What do you get for being the President of a country that is illegally occupying two sovereign countries, and has just recently killed 90 civilians in an airstrike? Answer: a Nobel Peace Prize!
And it gets worse: his administration criticized the Pakistani government for attempting to make peace with the Taliban, and pressured them to launch a massive military offensive in the Swat alley, which they obediently did. The offensive has killed thousands and displaced over two million people from their homes. President Obama has also continued to use airstrikes in Pakistan and Afghanistan, even in spite of the attacks killing thousands of civilians.
He promised a fair trial for all the inmates at the military prison in Guantanamo Bay, but backtracked on his promise shortly thereafter to much criticism from human rights groups. He has promised to close Guantanamo Bay by January next year, but the latest news is that ‘it’s going to be difficult’ to keep that promise too.
To be fair by Obama, he has improved relations with Russia and negotiated a reduction in nuclear warheads (about 30%) with President Medvedev. A laudable achievement, but warhead reductions are nothing new; there have been several nuclear disarmament treaties before, most notably the Strategic Arms Limitation Talks (SALT) that started in the late sixties. And unlike today, when we barely give nuclear war a second thought, the SALT treaties were signed at a time when nuclear war was an imminent threat.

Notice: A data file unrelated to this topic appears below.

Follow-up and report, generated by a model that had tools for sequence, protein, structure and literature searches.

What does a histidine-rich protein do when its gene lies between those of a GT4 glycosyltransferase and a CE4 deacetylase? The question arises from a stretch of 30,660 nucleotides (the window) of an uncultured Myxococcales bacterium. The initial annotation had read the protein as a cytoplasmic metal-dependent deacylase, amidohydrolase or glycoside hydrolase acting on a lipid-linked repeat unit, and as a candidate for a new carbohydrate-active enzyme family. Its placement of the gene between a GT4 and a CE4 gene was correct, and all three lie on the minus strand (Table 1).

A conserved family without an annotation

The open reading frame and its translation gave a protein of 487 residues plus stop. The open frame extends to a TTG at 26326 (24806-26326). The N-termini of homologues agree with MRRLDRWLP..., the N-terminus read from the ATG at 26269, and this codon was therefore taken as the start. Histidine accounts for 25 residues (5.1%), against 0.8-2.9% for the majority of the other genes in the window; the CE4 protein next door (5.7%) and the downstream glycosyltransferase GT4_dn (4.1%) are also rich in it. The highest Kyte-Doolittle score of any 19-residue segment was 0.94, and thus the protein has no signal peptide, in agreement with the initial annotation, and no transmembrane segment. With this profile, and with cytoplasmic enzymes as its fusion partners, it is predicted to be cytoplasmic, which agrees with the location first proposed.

There is of course the promise of much to come from President Obama. We have all been moved by his campaign speeches celebrating the hope for a better tomorrow, and he has continued the same rhetoric into his presidency. He has made a speech extending the hand of friendship to the Muslim world (while he considers sending more troops to Afghanistan); he has spoken often of the need for peace between Israel and Palestine (Prime Minister Ismail Haniyeh of the Palestinian National Authority says, “We are in need of actions, not sayings”); and he has acknowledged the U.S. role in climate change (though he has not yet passed any significant legislation to address it). In short, he wants to do a lot of good–he just hasn’t done it yet. Lech Walesa, former Polish President and winner of the Nobel Peace Prize in 1983 puts it best: “So soon? Too early. He has no contribution so far. He is still at an early stage. He is only beginning to act. This is probably an encouragement for him to act. Let’s see if he perseveres. Let’s give him time to act.”
Judging by his actions in Pakistan and Afghanistan, the thousands of people who have died in these countries because of his actions, and the millions of people who are homeless because of his actions, you’ll forgive me if I keep my head down.